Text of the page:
The Alberta Court of Appeal, in O’Chiese First Nation v Alberta Energy Regulator, dismissed two applications by the O’Chiese First Nation seeking permission to appeal decisions by the Alberta Energy Regulator (AER) approving certain applications made by Shell Canada Limited. This decision is important as it establishes that requests for regulatory appeals will not be granted merely because the decision at issue involves development on treaty lands. Rather, specific evidence is needed to demonstrate the party seeking to appeal is directly and adversely affected by the decision. 


The AER decisions at issue related to licences and associated approvals for two natural gas pipelines, a mineral surface lease, and a licence of occupation for a petroleum and natural gas site and road.

The Government of Alberta previously determined Crown consultation with the O’Chiese First Nation to be either adequate or not required for the applications. The AER did not hold a hearing, and all of the licences and approvals were issued.

On July 9, 2015, the AER dismissed the O’Chiese First Nation’s request to appeal the granting of the licences and approvals on the basis that it failed to establish its rights would be directly and adversely affected by the decisions. In fact, the O’Chiese First Nation adduced no evidence as to how its treaty rights would be impacted by the decisions.


The O’Chiese First Nation argued the AER erred in law in finding that it was not directly and adversely affected by the AER decisions.

It asserted that its treaty rights would be directly and adversely affected by any development falling within the consultation area, and once development occurs, its traditional treaty rights are lost over the developed area. Thus, it had no obligation to adduce any specific evidence showing how the AER decisions affected it. Rather, the decisions, as a matter of law, “directly and adversely” affect their rights by the mere fact that its reserve and the lands covered by the decisions are situated within the consultation area.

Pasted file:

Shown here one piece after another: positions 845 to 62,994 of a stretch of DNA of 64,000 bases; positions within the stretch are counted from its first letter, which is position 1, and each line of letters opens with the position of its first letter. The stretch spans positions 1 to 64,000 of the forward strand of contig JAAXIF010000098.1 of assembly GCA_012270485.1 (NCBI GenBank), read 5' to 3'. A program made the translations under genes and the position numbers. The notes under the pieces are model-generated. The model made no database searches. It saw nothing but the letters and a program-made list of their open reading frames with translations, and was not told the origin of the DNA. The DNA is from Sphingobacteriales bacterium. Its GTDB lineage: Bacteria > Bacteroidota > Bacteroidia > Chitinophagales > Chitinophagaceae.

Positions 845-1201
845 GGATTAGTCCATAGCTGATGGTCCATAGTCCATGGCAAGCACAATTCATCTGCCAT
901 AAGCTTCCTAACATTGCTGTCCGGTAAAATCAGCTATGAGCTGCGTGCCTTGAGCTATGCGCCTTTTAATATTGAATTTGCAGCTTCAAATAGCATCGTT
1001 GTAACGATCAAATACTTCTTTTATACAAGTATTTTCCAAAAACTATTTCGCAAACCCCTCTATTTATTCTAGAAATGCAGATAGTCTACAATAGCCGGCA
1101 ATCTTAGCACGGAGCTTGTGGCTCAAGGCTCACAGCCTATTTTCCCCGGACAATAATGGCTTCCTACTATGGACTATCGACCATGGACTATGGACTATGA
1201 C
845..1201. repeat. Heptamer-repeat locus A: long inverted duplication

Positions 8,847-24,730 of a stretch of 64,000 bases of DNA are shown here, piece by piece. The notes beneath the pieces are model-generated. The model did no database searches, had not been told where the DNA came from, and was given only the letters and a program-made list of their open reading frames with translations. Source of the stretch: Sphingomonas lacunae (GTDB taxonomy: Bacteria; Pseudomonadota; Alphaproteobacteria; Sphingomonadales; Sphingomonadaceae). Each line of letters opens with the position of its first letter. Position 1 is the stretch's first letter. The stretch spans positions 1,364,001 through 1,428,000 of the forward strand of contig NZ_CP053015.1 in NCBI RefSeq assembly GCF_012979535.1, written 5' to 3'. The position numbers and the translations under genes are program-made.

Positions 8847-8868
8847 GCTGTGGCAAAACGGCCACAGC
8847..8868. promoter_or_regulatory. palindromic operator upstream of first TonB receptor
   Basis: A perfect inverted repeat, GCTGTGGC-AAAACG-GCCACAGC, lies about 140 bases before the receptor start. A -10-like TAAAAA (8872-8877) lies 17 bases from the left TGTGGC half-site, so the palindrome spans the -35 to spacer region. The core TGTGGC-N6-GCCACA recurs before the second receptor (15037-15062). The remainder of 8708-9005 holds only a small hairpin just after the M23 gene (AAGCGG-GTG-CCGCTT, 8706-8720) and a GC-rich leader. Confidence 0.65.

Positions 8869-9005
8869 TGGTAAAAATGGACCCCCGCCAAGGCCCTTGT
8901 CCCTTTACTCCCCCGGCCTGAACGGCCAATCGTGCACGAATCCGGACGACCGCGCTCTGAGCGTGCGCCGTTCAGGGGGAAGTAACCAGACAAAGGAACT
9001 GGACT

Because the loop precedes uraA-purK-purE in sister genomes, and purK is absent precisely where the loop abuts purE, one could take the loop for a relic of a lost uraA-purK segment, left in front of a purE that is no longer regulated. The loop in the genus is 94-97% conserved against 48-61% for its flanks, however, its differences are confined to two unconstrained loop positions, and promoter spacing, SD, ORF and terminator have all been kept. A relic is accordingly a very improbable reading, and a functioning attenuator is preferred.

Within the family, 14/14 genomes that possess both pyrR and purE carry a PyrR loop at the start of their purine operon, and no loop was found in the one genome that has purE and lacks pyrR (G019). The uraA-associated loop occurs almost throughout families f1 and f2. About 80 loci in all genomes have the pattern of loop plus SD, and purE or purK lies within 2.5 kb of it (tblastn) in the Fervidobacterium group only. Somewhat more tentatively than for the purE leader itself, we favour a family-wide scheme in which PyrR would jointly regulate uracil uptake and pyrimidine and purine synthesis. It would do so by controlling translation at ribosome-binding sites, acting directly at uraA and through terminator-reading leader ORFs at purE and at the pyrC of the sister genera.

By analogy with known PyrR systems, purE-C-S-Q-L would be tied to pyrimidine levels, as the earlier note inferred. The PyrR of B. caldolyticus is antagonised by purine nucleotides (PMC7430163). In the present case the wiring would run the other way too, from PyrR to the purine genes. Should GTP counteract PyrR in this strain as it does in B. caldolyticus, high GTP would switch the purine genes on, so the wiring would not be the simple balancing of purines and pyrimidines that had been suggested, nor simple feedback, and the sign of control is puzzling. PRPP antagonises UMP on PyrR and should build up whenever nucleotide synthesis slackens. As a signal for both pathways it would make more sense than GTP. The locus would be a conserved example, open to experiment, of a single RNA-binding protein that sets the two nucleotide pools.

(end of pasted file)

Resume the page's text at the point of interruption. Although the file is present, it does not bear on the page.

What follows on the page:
The Court rejected this argument, holding that the specific words of the legislation cannot be conflated with the Crown’s duty to consult, and the duty does not inform the requirements of the legislation to show one is “directly and adversely affected” by the decisions in order to pursue a regulatory appeal at the AER.

Consequently, the AER’s determination of “directly and adversely affected” must be made based on the evidence before it, and the O’Chiese First Nation chose not to adduce any evidence in this regard, so the AER’s decisions could not be successfully appealed.

The Court concluded by noting there is no right to a regulatory appeal merely because the decisions relate to a project located within the party’s area of consultation and had the legislature intended such a result it could have so provided.


This decision emphasizes that First Nations, even when AER decisions relate to lands within their consultation area, must adduce specific evidence to show that the particular decisions, and thus, the particular development or project, directly and adversely affects their rights.

While the nature of the evidence that would satisfy the “directly and adversely affected” test is unclear, this decision clarifies that the mere location of the proposed work is not enough. This suggests that “directly and adversely affected” requires evidence as to how specific treaty rights, such as the right to hunt, will be affected by the proposed development for permission to pursue a regulatory appeal to be granted.